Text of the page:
Friday, October 19 11:21:12
Dutch lender Rabobank has ended its 17-year sponsorship of professional cycling, saying it had lost faith in the sport's leaders to clean up following the Lance Armstrong doping scandal.
Rabobank is the biggest backer of Dutch professional cycling, with total sponsorship worth 15 million euros ($20 million) a year in a nation with as many bikes as people.
Its decision shows the damage being done to cycling after the U.S. Anti-Doping Agency (USADA) said seven times Tour de France winner Armstrong took part in and organised a sophisticated doping scheme on his way to success.
"We are no longer convinced that the international professional world of cycling can make this a clean and fair sport. We are not confident that this will change for the better in the foreseeable future," Bert Bruggink, Rabobank board member, said in a statement.
"The USADA report was the final straw," he added later in a press conference televised live in the Netherlands.
"The international sport of cycling is not only sick, the sickness goes up to the highest levels," he said.
Sportswear company Nike and brewer Anheuser-Busch dropped their sponsorship of Armstrong this week, and the sport must show it can tackle doping effectively to prevent more of its backers from quitting.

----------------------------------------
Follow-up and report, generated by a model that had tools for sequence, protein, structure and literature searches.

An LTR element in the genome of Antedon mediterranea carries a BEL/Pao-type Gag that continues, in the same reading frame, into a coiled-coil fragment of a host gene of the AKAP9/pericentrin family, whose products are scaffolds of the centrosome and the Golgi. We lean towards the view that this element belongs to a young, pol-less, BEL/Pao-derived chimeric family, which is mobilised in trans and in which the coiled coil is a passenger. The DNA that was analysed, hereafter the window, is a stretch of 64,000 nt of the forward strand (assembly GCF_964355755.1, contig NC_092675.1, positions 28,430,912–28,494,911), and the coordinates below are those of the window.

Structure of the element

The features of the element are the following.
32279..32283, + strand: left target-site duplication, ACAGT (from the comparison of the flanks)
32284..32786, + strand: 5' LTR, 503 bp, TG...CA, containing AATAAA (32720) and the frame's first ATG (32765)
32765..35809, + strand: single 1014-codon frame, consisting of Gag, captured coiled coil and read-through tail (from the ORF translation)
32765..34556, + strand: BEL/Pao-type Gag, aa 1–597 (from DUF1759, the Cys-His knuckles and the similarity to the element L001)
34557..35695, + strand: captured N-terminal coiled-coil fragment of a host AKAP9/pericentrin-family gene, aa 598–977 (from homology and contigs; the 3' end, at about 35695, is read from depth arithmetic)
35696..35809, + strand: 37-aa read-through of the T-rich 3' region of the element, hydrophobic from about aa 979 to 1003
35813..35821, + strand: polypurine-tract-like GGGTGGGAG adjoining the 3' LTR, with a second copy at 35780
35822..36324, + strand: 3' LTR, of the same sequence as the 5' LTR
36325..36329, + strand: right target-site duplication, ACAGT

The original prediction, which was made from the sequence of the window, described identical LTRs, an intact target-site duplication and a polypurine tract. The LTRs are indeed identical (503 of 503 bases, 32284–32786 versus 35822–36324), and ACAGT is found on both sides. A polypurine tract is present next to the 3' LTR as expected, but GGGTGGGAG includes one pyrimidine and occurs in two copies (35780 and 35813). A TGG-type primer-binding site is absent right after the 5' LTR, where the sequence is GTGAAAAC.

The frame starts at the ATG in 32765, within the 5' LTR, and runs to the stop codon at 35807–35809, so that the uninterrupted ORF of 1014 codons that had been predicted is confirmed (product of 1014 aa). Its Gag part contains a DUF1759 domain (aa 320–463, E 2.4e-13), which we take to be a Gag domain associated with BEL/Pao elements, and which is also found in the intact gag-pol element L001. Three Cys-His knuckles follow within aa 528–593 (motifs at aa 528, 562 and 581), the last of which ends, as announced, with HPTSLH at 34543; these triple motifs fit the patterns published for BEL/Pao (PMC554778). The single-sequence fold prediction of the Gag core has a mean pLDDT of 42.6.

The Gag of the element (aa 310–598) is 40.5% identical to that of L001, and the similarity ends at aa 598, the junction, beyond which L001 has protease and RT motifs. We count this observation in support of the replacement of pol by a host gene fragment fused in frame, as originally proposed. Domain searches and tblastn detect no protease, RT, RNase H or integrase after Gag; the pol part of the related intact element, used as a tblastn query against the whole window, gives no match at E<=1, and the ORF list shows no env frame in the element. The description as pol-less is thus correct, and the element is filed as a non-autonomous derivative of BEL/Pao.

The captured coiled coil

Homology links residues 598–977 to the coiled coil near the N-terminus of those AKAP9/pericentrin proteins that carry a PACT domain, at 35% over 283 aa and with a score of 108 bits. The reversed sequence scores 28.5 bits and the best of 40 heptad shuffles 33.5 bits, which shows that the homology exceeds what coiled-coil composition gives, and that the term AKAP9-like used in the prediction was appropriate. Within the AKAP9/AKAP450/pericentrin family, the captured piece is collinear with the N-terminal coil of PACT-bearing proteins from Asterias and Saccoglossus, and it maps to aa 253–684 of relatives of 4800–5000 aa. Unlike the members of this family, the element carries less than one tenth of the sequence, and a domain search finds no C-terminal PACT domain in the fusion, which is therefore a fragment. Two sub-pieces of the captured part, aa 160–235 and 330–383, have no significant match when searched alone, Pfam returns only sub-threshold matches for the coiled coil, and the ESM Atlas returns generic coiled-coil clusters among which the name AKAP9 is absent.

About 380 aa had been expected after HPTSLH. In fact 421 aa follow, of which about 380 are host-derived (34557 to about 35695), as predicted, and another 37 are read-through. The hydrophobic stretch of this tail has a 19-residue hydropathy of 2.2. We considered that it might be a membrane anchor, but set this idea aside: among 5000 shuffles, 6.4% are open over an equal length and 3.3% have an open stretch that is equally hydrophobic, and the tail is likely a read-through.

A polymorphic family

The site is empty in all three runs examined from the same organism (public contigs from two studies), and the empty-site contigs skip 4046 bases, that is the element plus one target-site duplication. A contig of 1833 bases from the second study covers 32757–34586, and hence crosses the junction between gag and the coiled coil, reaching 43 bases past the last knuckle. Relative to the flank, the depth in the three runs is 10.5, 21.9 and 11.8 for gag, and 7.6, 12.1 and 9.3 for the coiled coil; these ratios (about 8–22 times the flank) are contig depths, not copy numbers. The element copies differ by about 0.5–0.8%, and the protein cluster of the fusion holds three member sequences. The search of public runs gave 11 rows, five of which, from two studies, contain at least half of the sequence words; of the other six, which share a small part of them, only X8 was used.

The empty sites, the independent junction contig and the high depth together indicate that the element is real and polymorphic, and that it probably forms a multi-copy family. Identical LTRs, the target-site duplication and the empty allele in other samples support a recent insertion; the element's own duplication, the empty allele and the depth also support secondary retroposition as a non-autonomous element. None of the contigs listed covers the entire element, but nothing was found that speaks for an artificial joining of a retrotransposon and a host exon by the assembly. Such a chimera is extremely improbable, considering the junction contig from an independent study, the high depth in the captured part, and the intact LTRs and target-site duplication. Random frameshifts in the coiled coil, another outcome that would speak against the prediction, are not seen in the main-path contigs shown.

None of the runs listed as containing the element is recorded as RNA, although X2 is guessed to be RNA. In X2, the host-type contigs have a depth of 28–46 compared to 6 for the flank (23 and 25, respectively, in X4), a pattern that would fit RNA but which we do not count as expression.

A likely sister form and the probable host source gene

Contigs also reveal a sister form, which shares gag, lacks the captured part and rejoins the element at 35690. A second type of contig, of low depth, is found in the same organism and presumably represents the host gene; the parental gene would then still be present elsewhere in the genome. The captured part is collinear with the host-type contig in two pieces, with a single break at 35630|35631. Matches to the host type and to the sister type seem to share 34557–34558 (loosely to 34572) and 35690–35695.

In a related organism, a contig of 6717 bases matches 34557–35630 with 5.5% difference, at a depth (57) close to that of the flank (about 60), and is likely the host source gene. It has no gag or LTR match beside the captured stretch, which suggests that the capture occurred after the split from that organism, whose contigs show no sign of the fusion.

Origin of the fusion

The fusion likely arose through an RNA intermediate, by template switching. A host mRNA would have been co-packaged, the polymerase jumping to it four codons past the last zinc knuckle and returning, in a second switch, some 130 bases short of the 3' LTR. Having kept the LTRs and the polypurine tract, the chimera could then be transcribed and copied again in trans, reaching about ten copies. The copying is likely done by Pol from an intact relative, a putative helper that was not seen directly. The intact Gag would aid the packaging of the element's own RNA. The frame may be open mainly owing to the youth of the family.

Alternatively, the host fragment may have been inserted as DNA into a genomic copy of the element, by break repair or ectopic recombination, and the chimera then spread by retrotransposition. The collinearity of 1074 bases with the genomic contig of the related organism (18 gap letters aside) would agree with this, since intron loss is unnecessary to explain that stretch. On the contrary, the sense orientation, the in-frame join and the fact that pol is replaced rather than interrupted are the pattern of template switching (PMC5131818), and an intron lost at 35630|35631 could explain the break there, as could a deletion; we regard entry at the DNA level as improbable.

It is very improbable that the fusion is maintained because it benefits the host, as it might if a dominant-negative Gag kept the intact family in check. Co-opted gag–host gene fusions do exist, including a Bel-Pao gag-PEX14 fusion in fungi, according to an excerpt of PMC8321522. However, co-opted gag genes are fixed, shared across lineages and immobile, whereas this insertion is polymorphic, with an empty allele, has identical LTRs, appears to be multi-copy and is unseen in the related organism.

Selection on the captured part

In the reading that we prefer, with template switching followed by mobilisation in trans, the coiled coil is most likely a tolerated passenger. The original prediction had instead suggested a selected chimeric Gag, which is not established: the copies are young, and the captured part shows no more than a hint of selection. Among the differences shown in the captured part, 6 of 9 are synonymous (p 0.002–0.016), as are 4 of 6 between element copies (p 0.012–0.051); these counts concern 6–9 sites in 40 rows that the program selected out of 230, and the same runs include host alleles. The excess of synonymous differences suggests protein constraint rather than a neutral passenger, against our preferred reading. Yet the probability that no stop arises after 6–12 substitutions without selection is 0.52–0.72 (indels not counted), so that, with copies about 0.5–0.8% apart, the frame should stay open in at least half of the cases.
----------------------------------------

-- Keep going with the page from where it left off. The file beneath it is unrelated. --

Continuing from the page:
The International Cycling Union (UCI), the sport's governing body, has yet to rule on the USADA's report into Armstrong and has been criticised for dragging its feet.
"Despite inevitable and sometimes painful consequences, the UCI reaffirms its commitment to the fight against doping and full transparency about potential anti-doping rule violations," the Paris-based UCI said on Friday.
Armstrong, a 41-year-old cancer survivor, has always denied taking banned substances but has decided not to challenge the USADA charges.
American rider Levi Leipheimer, who rode for Rabobank between 2002 and 2004, was sacked this week by the Quick-Step Cycling Team after admitting to the USADA investigation that he took banned substances.
Leipheimer, 38, was one of 11 former team mates to testify against Armstrong. (C ) Reuters